I wrote a post a couple of weeks ago about what it’s like flying long-haul with a cat, and now I’m going to talk about the paperwork involved with travelling abroad with a pet. Make sure you read my earlier post as well as it offers helpful tips while flying with a pet as well as my favourite pet travel products.
When I was preparing our cat, Beany, to move abroad, I found it really difficult to find out online exactly what I needed to do. From the research I originally found, I knew she needed a microchip and a rabies vaccine, but I didn’t know about the official paperwork. The first vet clinic I called told me I couldn’t get an appointment right away since they only had one Veterinarian. Thankfully, they referred me to a bigger clinic where I was informed that I needed official government paperwork to bring Beany to Germany. Had I waited on the smaller clinic, things could have gone very wrong.
In my situation, I travelled from Canada to Germany with Beany. While your situation may vary, I hope you’ll feel a bit more at ease after reading this. As a disclaimer, this is just a basic outline of my experience, but still be sure to follow exactly what your local government authority tells you you need to do. Travelling to different parts of the world will have different requirements regarding paperwork and vaccines, so keep this in mind.
Contact the Government
As soon as you know that you’re going to be travelling abroad, contact the government to get the official paperwork that you need. In Canada, you will be dealing with the Canadian Food Inspection Agency. The person I dealt with over the phone was so friendly and helpful. She was able to guide me through everything that my cat needed in a concise way. Honestly, I’d never dealt with such a friendly government worker before, it was amazing!
Following this link will get you to the right webpage where you can find the number to call in your area.
Call Your Vet
Once you’ve obtained the official paperwork, it’s time to make your first vet appointment. It’s possible, as in my situation, that you will have to sign a disclaimer waiving the vet clinic of responsibility if something goes wrong with your travels.
In my first appointment, Beany received her microchip, as required by EU law. I also discussed possible medications she could take to put her a bit more at ease while she travels.
The Rabies Vaccine
When travelling to the EU, cats (likely all pets) will need a rabies vaccine. However, it’s very important that the rabies vaccine is given after the insertion of the microchip. The waiting period I followed for this was 24 hours. That way, on your paperwork it’s easy to tell that the microchip came first since it was done on different days. But talk to your local authorities about this for clear instruction.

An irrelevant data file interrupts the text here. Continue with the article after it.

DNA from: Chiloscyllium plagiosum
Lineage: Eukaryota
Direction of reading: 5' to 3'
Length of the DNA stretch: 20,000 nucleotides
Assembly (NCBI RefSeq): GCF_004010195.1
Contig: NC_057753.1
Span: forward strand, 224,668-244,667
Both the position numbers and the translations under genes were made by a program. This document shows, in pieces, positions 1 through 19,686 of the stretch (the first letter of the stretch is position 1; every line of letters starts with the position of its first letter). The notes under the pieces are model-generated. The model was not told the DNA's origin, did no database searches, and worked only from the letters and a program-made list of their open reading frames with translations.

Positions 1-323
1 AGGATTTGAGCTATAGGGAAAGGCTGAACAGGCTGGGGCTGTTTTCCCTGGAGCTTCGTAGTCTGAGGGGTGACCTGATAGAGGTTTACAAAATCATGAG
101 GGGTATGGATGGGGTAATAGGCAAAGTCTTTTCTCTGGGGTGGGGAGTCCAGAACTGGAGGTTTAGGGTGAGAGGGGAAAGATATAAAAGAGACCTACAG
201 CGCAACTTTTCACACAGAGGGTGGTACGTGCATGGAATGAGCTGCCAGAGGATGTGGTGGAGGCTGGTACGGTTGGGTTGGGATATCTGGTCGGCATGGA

Important Notes to Keep in Mind
Firstly, the airport you fly into matters. For bringing Beany to Germany, I needed to enter the country through Frankfurt airport. Entering through the wrong city could result in being sent home. If the government worker doesn’t mention this, make sure to ask!
Your Vet clinic may ask you to get a Pet Broker. Basically, this is an agency which is suppose to guide you through the steps of getting your pet abroad. They check over all of your paperwork to make sure that everything is in order before you fly. As a personal preference, I decided not to do this. Like I said earlier, the lady at the CFIA was so helpful and made sure everything was in order for me that I felt it wasn’t necessary.
The Week Before Flying
Normally before a big trip, it’s just about packing your bags and showing up at the airport. With a pet, it’s a little more involved; the paperwork needs to be approved.
For flying with a cat to Germany, I needed to have my paperwork signed by my vet and afterwards the CFIA within 5 days of my arrival in Germany. During my vet appointment, I also asked for a Certificate of Health for the airlines in case they asked for it. They also checked Beany over to make sure she was healthy before signing the paperwork. I also received some sedatives to help relax Beany for travel.
After I had the paperwork signed by my Veterinarian, I drove to my local CFIA office to have my paperwork approved. At the CFIA, they have their own Veterinarian who approves and signs the paperwork. Once it was all signed, I paid $20 and was ready to fly with Beany!
While getting the paperwork needed for travelling abroad with our pets is quite an involved process, as mentioned in my previous post, our pets are our family. We would do anything for them, and the thought of leaving Beany behind would be selfish.
Be prepared to feel anxious about flying with your pet, because you probably will be and its normal. It’s always a challenge when you can’t explain what is happening. But in the end, having our furry friends around is priceless.